6. As per Section 225 of the Cr.P.C. in every trial before the Court of Sessions the prosecution shall be conducted by the Public Prosecutor. The Public Prosecutors are appointed by the Central Govt. or by the State Govt. under Section 24 of the Code of Criminal Procedure. Section 301 of the Code prescribed the appearance by Public Prosecutor. Sub-section (1) of Section 301 states that Public Prosecutor or the Assistant Public Prosecutor in charge of a case may appear and plead before any Court in any criminal case under inquiry, trial or appeal. Sub-section (2) of Section 301 provides that the Public Prosecutor or the Assistant Public Prosecutor in charge of the case shall conduct the prosecution and any private person instructed as pleader can prosecute in any case with the permission of the Court.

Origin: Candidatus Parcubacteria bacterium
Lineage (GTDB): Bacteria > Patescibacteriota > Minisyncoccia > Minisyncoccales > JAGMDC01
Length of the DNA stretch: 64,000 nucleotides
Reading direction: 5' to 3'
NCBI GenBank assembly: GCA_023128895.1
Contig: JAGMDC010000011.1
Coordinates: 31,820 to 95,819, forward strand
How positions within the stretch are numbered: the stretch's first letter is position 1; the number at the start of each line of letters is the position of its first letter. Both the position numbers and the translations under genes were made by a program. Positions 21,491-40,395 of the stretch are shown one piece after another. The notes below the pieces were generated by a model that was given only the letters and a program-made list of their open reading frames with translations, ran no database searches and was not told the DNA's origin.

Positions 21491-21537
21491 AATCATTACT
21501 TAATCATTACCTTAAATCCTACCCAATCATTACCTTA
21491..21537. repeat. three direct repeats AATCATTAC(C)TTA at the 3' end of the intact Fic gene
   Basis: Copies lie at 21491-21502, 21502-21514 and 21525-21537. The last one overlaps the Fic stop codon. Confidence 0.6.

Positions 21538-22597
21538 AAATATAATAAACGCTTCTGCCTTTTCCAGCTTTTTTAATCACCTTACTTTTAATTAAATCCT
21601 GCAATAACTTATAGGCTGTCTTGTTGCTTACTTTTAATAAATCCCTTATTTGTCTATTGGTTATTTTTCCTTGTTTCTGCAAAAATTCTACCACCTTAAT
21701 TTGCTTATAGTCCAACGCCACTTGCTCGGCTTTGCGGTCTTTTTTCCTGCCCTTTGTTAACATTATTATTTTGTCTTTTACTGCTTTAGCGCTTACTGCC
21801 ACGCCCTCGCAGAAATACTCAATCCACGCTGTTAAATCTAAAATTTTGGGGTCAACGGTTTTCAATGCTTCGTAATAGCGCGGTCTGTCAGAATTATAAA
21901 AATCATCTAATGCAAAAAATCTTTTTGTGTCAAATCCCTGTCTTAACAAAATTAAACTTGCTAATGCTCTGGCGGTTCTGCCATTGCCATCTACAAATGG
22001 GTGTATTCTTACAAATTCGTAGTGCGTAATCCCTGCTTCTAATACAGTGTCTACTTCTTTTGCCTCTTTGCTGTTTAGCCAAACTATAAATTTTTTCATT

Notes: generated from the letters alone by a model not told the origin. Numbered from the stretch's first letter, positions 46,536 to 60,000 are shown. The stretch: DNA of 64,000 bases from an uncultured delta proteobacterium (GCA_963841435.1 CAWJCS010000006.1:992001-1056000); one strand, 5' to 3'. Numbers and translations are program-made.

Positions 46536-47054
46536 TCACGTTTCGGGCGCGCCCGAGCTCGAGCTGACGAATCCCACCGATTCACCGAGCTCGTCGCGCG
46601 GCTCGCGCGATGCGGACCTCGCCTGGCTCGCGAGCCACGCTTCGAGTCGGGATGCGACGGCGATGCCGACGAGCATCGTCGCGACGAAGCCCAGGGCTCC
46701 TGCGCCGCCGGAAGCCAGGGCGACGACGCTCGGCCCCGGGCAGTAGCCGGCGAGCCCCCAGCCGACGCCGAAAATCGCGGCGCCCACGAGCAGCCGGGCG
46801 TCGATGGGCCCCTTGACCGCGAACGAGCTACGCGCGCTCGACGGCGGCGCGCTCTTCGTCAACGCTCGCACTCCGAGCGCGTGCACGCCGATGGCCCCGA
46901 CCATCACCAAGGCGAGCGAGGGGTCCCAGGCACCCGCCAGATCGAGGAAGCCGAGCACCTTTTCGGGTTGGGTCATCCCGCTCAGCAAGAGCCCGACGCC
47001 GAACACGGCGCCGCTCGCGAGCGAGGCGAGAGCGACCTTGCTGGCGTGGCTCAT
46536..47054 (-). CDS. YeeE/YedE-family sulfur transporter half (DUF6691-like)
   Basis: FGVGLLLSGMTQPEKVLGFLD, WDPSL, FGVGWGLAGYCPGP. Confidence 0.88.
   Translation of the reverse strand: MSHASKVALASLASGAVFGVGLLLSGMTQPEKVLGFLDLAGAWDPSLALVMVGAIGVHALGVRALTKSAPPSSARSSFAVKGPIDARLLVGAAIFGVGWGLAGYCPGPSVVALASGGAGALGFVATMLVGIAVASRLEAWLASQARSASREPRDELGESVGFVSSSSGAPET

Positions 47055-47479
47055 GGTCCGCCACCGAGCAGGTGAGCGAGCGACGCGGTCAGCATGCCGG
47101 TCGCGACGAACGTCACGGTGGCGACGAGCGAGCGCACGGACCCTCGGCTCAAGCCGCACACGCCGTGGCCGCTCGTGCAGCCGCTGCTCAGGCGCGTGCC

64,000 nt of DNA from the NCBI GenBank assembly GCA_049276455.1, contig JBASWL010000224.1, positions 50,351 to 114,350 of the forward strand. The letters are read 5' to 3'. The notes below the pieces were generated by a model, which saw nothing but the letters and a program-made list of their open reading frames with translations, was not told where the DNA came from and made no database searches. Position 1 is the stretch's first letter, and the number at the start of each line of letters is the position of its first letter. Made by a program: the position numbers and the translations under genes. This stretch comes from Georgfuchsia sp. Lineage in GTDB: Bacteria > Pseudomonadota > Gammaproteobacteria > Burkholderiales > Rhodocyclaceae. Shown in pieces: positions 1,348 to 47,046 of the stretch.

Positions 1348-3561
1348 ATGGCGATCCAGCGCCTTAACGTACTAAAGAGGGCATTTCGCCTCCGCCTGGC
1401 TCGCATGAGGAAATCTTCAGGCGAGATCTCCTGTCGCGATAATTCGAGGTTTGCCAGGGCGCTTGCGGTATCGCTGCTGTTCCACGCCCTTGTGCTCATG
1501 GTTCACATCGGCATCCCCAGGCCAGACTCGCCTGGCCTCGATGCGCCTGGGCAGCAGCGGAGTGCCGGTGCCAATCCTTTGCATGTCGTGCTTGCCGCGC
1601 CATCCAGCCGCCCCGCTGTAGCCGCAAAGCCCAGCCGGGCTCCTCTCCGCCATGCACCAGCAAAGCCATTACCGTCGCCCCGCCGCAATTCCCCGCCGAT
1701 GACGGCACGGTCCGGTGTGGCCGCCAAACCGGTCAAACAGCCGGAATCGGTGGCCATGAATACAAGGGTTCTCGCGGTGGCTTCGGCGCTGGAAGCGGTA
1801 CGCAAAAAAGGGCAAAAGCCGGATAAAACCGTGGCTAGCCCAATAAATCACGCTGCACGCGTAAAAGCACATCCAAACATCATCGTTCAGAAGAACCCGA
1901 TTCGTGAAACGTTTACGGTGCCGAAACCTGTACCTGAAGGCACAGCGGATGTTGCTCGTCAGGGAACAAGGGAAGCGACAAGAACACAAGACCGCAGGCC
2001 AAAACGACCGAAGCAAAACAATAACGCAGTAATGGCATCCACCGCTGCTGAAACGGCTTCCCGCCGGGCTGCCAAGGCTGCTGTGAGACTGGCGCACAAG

7. In case of Prabhat Agrawal v. State of M.P. and Ors., reported in 1999 (1) MPLJ 23 Short Note 36, it has been held by this Court that the Criminal Procedure Code empowers the State Govt. to appoint a Special Public Prosecutor under Section 24(8) of the Code but has not provided any guidelines for making such appointments. It is, however, settled that Special Prosecutor should not be appointed on mere asking of the complainant. Such appointment, resulting in ouster of the regularly appointed public prosecutor creates feeling of distrust and thereby demoralises the Public Prosecutor as a class. The role of Public Prosecutor is different from the role of counsel or Advocate engaged by a party. He represents the State in administration of criminal justice. The Court has to grind against a criminal trial being converted into an individual contest between the accused and the complainant. Special Public Prosecutor can be appointed only for very special and strong reasons. Where there was no cogent, strong and valid reasons for appointing advocate who had earlier been engaged by and appearing for the complainant, as a Special Public Prosecutor on his mere asking and to be paid by him, the order was liable to be set aside.